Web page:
Rent vs. buy: that is the question that many Americans consider each year. You might take for granted that cities are renter hubs while more rural areas are where the homeowners reside. Considering cities’ limited space and transient career-chasers not looking for the long-term commitment of a home, that’s a fair guess. Yet, of more than 400 urbanized areas around the country with a population greater than 100,000, just 21 are composed of at least 50% renters, according to data from the U.S. Census’ 2015 American Community Survey.
And that number appears to be poised to grow. As the Pew Research Center reports, the number of homeowners swapping deeds for leases in the rent vs. buy argument continues to increase, with 3 million making the switch in 2011, compared with 2.5 million in 2001.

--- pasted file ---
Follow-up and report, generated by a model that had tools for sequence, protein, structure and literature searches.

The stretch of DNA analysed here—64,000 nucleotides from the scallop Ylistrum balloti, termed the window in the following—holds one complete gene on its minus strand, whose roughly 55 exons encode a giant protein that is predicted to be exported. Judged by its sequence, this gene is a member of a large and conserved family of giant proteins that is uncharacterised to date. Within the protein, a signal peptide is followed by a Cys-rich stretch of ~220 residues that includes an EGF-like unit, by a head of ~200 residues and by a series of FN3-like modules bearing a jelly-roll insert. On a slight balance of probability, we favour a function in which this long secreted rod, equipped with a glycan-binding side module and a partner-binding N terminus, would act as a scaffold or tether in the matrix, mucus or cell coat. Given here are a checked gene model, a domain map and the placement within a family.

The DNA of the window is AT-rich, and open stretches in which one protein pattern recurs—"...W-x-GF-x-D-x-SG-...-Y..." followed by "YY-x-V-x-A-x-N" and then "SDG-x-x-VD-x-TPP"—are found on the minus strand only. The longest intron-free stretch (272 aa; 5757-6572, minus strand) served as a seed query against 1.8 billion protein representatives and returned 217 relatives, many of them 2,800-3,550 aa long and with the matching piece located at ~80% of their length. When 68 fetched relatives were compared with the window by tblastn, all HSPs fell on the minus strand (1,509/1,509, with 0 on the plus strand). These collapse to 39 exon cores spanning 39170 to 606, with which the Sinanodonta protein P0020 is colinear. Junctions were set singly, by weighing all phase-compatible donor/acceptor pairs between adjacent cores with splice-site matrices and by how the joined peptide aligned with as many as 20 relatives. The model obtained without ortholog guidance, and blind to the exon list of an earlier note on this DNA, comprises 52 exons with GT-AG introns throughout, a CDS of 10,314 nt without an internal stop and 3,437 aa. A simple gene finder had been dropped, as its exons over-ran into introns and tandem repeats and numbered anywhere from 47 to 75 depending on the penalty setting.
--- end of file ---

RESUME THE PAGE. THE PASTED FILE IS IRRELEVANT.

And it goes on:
Taking a look back at the 2012 ACS data for rent vs. buy, we can see evidence of the trend toward renting. In 2012, there were just 14 predominantly renter cities. In 2013, there were 18. The current number of 21 has been holding steady for two years, and six cities are currently barely missing the majority-renter cut, with more than 49% of the population renting. Among them, Durham, NC; Lubbock, TX; and San Diego, CA, seem most likely to move into renter-majority status, with renter numbers rising each year. Some cities, however, are on the downslide. Macon, GA, for example, just dipped below 50% renters for the first time in years in 2015. Fresno, CA; Las Vegas, NV; and Stockton, CA, also bounce around the border a bit.
So what makes a renter-dominated city? What makes someone want to decide within the rent vs. buy debate? In this study we’ll look at where the renter-majority cities are, who makes up their renter population, and what could be driving the uptick.
WHERE RENTING PREVAILS
Some of the cities on this list are no great surprise. It will raise no eyebrows, for example, that most housing units (53.9%) in the Los Angeles area are rented, not owned. The same goes for New York (50.7%) and San Francisco (50.9%) — in fact, five California cities make the list, more than any other state.